Once in Vietnam, some also allege that Gore received special treatment as a former Senator's son (Gore Sr. lost the 1970 election, and was no longer a Senator by the time Gore arrived in Vietnam). According to combat photographer H. Alan Leo, Gore was protected from dangerous situations at the request of Brigadier General Kenneth B. Cooper, the 20th Engineer Brigades Commander. Leo stated that Gore's trips into the field were safe, and that Gore "could have worn a tuxedo." These remarks seem to contradict Gore's many public statements;

"I carried an M-16. I pulled my turn on the perimeter at night and walked through the elephant grass and I was fired upon."(Baltimore Sun)
"I took my turn regularly on the perimeter in these little firebases out in the boonies. Something would move, we'd fire first and ask questions later." (Vanity Fair)
"I was shot at. I spent most of my time in the field." (Washington Post)
"I used to fly these things (combat helicopters) with the doors open, sitting on the ledge with our feet hanging down. If you flew low and fast, they wouldn't have as much time to shoot you."(Weekly Standard)

For his part, Gore has stated that he knew Leo but rarely traveled with him in Vietnam, and that he never felt that he was being given special protection. On the other hand, Leo's testimony is that Cooper gave the orders before Gore arrived, so Gore would not know about them. The question of whether Leo frequently traveled with Gore or not still has not been conclusively answered.

Turque's book, however, states that

[Cooper] said that he has no recollection of even meeting Leo, much less discussing Gore's safety with him. ...
The evidence indicates that if there was an official effort to guarantee Gore's safety, it was uneven at best. His clippings from the Castle Courier, the newspaper of the U.S. Army Engineering Command, and other publications suggest that he pulled his weight, which in his case meant choppering around to report features about the good works of the 20th Engineers... When Smith said he was scheduled to leave for R&R in Hawaii, the sergeant called for volunteers. Gore stepped up and spent a cold night in a foxhole. "Al did what everybody else did," said Mike O'Hara, the photographer who shot the Khe Sanh assignment...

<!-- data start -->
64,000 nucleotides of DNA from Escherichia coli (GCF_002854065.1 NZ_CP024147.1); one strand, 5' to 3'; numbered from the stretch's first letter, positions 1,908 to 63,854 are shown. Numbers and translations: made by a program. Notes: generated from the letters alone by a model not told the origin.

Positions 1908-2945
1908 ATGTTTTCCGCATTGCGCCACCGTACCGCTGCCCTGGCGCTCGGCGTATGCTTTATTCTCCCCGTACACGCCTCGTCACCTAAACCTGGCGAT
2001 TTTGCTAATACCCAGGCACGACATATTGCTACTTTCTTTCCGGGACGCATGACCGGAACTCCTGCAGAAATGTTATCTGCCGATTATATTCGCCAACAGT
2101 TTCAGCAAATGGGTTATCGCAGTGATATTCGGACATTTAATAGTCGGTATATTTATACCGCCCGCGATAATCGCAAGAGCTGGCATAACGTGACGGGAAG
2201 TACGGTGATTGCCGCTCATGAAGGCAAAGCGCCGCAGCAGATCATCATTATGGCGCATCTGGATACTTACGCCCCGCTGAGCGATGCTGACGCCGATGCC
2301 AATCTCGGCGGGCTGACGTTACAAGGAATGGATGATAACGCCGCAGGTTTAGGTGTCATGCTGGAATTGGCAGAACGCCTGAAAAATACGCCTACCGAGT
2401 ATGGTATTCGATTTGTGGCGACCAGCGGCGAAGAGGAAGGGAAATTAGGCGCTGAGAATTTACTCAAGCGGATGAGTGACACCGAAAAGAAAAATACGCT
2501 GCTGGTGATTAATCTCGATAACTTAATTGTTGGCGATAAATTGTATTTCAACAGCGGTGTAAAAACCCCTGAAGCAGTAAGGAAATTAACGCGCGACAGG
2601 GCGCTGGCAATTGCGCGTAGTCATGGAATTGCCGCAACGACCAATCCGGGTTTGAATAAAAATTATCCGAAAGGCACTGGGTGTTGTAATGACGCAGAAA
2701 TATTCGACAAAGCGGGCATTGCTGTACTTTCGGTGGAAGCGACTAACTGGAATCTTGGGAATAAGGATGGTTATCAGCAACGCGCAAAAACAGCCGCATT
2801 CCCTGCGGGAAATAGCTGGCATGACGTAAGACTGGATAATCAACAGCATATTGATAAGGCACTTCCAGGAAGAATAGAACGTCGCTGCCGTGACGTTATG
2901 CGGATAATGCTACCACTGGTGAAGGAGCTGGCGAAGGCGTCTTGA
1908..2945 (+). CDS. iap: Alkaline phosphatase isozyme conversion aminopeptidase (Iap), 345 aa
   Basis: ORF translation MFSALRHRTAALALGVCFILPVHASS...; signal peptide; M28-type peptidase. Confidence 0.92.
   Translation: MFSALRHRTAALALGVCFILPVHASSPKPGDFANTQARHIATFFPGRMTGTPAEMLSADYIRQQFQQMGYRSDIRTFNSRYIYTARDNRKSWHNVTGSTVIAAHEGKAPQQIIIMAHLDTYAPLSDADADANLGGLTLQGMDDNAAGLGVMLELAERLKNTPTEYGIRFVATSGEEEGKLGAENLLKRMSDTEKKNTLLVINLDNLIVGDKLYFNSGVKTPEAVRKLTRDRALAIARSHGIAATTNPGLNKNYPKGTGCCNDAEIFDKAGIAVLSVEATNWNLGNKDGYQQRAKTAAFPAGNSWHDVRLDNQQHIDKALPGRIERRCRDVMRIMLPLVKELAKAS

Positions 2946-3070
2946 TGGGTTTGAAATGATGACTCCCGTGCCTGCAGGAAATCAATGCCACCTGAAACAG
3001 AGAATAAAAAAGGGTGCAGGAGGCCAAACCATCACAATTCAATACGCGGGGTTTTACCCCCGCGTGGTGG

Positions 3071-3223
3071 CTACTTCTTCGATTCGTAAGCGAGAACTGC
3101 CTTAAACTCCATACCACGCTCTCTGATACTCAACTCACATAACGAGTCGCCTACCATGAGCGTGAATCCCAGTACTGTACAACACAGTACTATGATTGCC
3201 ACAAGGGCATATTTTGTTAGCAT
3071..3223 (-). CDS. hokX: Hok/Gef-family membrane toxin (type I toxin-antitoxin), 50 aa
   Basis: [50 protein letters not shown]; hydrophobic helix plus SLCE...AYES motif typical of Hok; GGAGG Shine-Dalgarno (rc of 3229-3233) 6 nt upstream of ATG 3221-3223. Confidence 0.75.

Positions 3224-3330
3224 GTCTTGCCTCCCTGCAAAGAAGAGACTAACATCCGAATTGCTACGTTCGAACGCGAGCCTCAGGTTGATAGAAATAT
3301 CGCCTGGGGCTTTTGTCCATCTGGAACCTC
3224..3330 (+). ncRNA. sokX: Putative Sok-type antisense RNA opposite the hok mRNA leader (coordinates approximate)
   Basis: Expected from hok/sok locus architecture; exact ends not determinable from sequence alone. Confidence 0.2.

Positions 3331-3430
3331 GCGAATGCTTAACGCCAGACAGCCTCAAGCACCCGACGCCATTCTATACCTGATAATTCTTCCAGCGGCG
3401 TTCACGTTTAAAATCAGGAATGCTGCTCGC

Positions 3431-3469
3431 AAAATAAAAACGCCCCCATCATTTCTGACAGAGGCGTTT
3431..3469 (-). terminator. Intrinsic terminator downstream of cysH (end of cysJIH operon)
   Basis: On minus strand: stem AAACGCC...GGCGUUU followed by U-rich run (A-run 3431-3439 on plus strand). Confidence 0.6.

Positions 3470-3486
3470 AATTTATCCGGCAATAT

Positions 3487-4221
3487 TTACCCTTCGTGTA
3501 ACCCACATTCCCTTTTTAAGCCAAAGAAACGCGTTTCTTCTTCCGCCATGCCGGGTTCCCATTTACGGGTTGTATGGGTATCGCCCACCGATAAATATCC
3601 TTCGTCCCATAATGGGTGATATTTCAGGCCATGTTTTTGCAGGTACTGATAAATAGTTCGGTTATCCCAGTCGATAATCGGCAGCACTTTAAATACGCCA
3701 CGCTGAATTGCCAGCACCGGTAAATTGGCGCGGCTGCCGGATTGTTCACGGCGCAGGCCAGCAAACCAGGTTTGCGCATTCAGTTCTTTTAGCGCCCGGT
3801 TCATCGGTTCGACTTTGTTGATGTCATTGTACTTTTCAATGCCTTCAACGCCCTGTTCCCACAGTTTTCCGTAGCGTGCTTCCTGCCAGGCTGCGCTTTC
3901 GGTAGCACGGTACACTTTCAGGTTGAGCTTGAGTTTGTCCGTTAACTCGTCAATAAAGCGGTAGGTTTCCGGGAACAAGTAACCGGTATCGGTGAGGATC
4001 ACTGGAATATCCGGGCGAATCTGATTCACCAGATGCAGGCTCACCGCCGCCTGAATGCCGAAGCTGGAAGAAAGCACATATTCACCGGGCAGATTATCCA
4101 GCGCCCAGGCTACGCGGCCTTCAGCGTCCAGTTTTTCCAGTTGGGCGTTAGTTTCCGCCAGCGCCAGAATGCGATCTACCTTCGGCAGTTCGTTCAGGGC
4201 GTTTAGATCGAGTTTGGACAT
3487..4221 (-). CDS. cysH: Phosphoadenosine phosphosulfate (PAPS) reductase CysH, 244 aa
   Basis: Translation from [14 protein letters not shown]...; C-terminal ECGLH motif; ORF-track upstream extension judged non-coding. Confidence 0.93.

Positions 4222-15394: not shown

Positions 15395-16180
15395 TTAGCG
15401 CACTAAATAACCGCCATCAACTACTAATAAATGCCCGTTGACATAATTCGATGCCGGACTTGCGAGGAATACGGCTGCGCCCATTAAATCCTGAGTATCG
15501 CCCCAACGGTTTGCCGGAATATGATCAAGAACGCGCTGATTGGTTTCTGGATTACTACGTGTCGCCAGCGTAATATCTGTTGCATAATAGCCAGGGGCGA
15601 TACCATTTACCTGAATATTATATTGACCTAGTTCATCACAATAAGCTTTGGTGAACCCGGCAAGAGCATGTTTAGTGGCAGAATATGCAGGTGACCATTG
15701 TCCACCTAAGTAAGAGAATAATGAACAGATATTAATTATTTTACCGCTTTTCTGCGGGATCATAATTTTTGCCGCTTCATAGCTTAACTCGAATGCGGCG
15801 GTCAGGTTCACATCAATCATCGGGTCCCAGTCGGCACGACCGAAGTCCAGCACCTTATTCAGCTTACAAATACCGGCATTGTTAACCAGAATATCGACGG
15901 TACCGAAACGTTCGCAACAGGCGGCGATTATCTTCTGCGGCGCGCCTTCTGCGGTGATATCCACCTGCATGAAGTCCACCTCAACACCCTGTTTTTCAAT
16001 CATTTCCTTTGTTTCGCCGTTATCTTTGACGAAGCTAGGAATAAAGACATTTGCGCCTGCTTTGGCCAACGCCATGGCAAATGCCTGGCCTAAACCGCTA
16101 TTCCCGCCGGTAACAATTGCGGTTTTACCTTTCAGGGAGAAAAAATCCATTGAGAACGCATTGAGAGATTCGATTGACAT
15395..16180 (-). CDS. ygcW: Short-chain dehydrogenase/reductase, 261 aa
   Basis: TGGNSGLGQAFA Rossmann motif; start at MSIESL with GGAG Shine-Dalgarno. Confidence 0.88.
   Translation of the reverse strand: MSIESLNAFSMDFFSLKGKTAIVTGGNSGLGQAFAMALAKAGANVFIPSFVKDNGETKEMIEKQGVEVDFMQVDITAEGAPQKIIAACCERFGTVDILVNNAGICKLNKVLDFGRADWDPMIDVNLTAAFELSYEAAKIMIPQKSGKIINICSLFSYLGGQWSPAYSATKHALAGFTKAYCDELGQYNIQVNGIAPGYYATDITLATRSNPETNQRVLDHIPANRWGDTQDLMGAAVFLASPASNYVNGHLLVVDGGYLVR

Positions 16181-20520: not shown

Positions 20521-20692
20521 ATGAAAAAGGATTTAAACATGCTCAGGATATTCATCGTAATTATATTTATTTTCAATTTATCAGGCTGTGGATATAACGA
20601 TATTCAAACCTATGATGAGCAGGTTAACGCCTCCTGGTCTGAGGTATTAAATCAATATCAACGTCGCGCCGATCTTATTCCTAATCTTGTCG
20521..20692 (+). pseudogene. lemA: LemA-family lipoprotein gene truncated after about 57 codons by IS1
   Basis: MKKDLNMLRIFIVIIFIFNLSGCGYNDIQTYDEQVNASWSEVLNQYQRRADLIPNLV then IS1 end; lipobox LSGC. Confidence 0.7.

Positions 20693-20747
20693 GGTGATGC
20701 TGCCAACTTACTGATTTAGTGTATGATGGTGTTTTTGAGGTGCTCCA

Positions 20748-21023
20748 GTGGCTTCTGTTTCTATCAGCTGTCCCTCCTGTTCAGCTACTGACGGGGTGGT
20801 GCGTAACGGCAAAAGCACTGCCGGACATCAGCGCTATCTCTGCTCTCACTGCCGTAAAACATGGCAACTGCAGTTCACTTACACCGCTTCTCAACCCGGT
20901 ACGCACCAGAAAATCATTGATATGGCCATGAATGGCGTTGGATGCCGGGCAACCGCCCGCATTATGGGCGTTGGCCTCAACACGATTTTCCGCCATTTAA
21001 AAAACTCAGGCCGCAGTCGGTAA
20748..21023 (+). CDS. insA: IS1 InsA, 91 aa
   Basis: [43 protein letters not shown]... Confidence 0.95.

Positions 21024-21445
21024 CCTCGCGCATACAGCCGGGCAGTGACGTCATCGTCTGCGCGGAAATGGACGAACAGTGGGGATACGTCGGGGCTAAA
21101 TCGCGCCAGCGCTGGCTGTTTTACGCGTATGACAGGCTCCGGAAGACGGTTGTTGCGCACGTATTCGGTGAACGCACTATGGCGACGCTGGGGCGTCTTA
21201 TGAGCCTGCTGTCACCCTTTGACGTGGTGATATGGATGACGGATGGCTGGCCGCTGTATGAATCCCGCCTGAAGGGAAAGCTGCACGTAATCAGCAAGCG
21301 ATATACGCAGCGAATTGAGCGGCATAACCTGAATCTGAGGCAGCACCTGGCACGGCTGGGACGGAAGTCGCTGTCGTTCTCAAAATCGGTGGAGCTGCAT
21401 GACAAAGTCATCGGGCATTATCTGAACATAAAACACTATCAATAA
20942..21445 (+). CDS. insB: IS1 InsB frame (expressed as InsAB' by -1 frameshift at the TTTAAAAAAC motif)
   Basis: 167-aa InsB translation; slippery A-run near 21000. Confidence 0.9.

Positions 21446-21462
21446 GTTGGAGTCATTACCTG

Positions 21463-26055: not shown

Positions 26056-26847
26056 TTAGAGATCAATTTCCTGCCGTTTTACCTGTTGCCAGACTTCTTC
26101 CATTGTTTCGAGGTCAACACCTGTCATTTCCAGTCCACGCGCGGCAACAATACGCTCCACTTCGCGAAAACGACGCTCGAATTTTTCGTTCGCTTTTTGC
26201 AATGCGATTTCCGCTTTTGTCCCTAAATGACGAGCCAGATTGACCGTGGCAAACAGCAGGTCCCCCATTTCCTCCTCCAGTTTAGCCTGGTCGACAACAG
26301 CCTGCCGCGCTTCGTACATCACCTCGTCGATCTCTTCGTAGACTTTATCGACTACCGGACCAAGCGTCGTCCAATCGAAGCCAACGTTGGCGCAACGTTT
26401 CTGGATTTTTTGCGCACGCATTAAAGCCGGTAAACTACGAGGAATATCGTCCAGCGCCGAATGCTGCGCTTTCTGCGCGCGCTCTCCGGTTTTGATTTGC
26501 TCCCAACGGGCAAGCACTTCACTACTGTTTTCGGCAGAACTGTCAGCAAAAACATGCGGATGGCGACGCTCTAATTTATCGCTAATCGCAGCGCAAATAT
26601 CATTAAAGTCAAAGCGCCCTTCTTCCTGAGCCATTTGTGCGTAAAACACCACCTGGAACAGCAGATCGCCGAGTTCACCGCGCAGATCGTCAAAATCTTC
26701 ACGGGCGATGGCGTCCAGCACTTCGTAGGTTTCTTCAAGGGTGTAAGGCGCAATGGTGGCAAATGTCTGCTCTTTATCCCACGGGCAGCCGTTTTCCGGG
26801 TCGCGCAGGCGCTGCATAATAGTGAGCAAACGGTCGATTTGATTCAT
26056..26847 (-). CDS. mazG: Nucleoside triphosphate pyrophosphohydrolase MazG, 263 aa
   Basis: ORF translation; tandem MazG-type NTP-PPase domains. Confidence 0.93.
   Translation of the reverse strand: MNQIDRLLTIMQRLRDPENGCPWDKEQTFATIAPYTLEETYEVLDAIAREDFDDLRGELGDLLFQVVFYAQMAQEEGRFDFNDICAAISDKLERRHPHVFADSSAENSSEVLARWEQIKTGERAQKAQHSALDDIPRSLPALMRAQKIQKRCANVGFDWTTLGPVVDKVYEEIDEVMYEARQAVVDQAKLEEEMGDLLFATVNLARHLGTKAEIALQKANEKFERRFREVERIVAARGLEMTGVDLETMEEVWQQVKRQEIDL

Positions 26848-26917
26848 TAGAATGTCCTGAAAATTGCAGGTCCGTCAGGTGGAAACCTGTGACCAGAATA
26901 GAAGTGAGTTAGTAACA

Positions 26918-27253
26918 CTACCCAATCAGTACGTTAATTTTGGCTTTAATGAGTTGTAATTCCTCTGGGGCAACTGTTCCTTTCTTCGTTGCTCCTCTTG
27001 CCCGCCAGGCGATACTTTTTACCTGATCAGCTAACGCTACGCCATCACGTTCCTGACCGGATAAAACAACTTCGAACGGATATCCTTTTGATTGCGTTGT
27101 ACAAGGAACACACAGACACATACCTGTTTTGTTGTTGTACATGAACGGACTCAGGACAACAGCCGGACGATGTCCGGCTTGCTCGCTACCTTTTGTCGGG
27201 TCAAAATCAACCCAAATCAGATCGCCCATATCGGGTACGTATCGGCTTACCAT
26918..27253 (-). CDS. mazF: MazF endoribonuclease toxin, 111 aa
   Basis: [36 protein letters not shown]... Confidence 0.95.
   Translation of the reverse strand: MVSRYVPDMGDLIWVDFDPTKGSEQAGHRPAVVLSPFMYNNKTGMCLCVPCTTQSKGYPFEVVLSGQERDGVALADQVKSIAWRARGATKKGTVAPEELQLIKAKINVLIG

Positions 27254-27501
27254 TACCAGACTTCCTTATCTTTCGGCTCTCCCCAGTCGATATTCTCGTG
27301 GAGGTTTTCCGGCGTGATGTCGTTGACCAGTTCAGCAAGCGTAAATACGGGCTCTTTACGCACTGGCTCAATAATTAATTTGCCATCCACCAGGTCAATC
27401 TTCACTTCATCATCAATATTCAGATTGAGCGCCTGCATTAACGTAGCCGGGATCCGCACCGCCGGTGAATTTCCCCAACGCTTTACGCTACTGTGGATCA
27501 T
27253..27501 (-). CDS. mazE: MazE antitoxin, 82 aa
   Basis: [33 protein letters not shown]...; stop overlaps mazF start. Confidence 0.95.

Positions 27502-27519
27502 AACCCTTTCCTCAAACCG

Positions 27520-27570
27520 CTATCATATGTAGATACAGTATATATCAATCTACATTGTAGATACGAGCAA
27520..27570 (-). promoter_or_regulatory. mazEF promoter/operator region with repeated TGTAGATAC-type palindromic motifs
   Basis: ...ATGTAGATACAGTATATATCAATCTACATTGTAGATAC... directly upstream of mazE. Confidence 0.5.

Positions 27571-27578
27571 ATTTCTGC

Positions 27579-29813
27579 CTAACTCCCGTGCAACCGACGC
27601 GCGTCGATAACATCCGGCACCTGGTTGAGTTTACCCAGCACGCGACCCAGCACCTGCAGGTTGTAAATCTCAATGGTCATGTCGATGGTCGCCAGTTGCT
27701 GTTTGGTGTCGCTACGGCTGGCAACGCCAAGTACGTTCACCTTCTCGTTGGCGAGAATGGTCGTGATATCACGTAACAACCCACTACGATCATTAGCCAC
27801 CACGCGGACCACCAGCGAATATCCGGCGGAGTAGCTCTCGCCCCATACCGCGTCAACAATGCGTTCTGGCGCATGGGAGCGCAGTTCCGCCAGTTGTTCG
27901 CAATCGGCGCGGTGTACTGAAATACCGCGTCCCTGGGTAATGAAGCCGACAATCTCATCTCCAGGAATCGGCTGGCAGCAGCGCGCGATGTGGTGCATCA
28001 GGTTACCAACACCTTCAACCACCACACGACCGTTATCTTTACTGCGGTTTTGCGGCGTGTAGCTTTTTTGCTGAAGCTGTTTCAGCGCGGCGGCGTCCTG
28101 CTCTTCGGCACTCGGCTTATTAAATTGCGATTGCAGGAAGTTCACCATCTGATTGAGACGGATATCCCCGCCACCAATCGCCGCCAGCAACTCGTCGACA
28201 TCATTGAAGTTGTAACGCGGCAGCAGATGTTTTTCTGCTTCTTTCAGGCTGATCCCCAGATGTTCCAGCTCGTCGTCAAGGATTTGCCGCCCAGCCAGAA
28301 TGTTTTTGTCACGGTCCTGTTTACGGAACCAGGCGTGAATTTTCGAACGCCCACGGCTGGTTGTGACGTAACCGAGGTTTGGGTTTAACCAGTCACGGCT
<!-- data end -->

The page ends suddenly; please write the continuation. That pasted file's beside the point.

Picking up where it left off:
Regulations allowed for early release of personnel to teach or attend school if their services were deemed "not essential to the mission," and Gore certainly qualified.

Gore stated in 1988 that his experience in Vietnam

didn't change my conclusions about the war being a terrible mistake, but it struck me that opponents to the war, including myself, really did not take into account the fact that there were an awful lot of South Vietnamese who desperately wanted to hang on to what they called freedom. Coming face to face with those sentiments expressed by people who did the laundry and ran the restaurants and worked in the fields was something I was naively unprepared for.

Early political career

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Al Gore speaks during a congressional hearing in the 1980s.

In the spring of 1976, Gore quit law school to run for the U.S. House, in Tennessee's Fourth District. Gore defeated Stanley Rogers in the Democratic primary, then ran unopposed and was elected to his first Congressional post. He was re-elected three times, in 1978, 1980, and 1982. In 1984 Gore did not run for the House; instead he successfully ran for a seat in the Senate, which had been vacated by Republican Majority Leader Howard Baker. Gore served as a Senator from Tennessee until 1992, when he was elected Vice President.